GLENN STANKEVICIUS

> ADELAIDE, SA

STORY CARLY DALE PHOTO BRENTYN WAKEFIELD

GLENN Stankevicius, of the Street Machine Association of South Australia (SMASA), is quickly becoming a household name among South Australian denizens with modified classic rides. With sheer persistence and some sort of planetary alignment, he’s managed to convince the SA Government to extend the current Conditional Registration scheme beyond stocker vehicles to include modified cars and motorcycles at least 30 years old (search ‘conditional rego’ on streetmachine.com.au for the full lowdown). We caught up with him to hear about his David-and- Goliath battle.

Goliath battle.

Many of us never thought we’d see the day – how’d you do it?

It took many years and a lot of help. The process had already begun before I jumped on board in 2004. I started helping the SMASA representative, Romeo Rubino, in a group that consisted of peak SA car club bodies, including the rodders and historic guys.

What were you aiming for?

We were shooting for cars with minor mods to access the logbook scheme, which gives you three months’ rego spread out over the year, if your car meets the criteria and is given the nod by inspectors in approved clubs. At that stage the State Government had just changed the process and removed a lot of cars from accessing it, including my ’66 Galaxie sedan, which only ran a set of Weld wheels and LPG. When they closed all of the perceived gaps to make only stock cars eligible, the Special Interest Vehicle proposal kicked off, purely to claw back some of the conditions that were taken away.

What was it like plugging away on this for over a decade?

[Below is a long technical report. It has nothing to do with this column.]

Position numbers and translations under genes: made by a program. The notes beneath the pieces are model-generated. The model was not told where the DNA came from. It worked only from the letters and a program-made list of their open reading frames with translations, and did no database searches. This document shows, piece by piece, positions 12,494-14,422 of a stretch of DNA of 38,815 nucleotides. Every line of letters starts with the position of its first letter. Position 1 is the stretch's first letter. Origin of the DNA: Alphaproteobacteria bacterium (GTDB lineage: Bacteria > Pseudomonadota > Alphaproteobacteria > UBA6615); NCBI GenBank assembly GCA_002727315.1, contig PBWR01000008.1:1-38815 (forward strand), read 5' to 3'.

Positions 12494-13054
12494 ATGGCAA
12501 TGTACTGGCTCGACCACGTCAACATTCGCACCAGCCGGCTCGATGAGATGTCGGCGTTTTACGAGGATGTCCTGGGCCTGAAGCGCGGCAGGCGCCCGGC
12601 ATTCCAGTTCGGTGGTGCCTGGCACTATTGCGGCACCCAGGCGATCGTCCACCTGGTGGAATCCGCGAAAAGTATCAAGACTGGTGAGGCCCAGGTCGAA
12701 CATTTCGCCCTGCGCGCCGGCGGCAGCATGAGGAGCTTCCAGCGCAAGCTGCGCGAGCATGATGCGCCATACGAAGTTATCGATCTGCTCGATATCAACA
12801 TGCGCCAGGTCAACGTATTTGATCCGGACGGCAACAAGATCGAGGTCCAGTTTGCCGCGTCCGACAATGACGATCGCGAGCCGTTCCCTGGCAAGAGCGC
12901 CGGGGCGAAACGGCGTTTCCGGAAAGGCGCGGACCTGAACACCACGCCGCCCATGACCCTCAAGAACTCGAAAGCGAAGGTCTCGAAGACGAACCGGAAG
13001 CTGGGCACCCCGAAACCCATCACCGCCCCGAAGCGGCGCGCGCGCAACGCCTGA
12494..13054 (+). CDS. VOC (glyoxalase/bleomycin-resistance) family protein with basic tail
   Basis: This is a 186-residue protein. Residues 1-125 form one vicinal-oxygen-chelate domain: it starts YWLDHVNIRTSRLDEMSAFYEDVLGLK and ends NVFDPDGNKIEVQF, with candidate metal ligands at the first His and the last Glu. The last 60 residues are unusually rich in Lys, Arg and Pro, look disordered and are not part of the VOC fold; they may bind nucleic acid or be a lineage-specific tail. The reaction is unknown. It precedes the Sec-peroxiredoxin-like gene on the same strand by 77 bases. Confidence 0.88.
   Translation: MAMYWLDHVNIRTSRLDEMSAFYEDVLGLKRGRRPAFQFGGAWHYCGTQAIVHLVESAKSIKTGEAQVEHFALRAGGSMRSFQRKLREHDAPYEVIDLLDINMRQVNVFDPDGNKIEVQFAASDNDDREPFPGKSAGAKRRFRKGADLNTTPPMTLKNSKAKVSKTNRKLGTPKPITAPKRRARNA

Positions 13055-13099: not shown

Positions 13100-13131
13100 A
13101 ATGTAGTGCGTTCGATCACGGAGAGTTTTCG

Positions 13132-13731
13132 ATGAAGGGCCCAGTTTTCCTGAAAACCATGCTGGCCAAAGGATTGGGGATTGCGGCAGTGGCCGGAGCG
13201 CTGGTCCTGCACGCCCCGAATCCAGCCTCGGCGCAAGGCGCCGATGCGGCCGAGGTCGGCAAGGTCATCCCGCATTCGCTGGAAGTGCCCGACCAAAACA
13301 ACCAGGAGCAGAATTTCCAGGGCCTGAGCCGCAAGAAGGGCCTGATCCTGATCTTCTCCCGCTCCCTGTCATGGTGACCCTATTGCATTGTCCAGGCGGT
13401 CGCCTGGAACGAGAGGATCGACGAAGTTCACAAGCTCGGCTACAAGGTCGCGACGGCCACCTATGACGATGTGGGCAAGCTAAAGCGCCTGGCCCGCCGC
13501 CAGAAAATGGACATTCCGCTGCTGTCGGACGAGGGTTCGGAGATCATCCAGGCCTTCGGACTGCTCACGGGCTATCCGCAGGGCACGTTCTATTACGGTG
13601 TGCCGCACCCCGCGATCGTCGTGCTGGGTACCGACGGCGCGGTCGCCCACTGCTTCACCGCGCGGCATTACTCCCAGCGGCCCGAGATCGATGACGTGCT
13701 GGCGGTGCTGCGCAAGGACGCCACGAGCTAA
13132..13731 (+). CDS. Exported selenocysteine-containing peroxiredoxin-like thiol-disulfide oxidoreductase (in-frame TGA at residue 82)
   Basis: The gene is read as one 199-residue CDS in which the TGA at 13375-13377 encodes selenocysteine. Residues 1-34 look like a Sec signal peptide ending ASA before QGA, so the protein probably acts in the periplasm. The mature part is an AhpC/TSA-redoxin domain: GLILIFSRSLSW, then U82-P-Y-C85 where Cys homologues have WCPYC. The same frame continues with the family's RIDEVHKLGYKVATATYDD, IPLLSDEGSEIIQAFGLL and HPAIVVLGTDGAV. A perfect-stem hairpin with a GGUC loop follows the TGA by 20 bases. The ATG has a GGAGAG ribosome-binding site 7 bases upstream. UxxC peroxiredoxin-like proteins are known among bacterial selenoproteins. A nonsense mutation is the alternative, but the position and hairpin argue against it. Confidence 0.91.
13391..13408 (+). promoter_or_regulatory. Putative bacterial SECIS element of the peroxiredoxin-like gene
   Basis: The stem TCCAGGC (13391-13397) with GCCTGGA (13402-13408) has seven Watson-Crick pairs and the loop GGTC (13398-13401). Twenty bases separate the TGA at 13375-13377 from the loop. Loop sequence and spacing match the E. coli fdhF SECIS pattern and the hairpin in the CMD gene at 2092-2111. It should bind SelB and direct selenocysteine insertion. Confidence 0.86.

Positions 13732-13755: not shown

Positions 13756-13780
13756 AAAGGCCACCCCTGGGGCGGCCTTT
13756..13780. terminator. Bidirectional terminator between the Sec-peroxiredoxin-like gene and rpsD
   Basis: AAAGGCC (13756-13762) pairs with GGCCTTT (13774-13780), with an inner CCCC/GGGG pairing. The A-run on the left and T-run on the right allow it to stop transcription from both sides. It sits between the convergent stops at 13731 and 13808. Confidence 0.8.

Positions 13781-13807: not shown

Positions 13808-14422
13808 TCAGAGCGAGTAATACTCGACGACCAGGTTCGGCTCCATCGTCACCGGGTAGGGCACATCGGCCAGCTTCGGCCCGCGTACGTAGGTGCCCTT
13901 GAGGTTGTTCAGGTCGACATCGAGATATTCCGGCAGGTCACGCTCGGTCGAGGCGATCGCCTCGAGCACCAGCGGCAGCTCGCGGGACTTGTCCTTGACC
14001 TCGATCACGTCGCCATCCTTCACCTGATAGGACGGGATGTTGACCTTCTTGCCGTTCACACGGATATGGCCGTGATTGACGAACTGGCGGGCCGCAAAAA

The rodders had won access to it four years ago, but nothing happened for the street machiners until we had a change of government in 2014. I can’t speak highly enough of the Hon. Stephen Mullighan, the current Minister for Transport & Infrastructure, and his staff. He understands the street machine scene – he gets cars and owned an HT Kingswood. We finally have the right people in the right place at the right time.

To keep reassuring the SMASA members and affiliates that it was all going well, I created the Street Machine Conditional Registration For SA Facebook page.

Are the proposed changes all you hoped for?

They’re better! As of 1 July 2017 the cars that are logbook-worthy can be legally modified, as well as left-hand-drives with safety modifications.

Plus it’ll be a rolling 30 years – that’ll cover VLs and XFs. There’ll also be reduced paperwork and responsibility on clubs. We lobbied to get all levels of legal modification on board and it’ll be up to the owner to prove any high-end modifications are approved with the relevant paperwork.

What do the new laws mean for you personally?

I will be able to drive my modified FE sedan when I want, at any time of the year. Currently I put three months’ rego on it in summer and hope to months’ rego on it in summer and hope to get my money’s worth. It’s not cheap rego, it’s fair rego, as it’s pay-for-use. It also gives me the hurry-up to finish my red-on-red FC pano, which has an HR front end, 186, Aussie four-speed, Torana diff and pumped guards so I can fit some big rubber under there – 265s on a perfect set of jellybean mags, if I can squeeze it!

Where to from here?

There are no roadblocks from the government, so it’s pedal to the metal in working out the finer details. I’ll stay involved, as SMASA is important – we pick up where other governing bodies drop off. There’s no definition in SMASA’s constitution for a street machine, nor is there a requirement to have a car to join. If it’s good enough for you, it’s good enough to be a SMASA member.

When they closed all of the gaps to make only stock cars eligible, the SIV proposal kicked off, to claw back some of the conditions that were taken away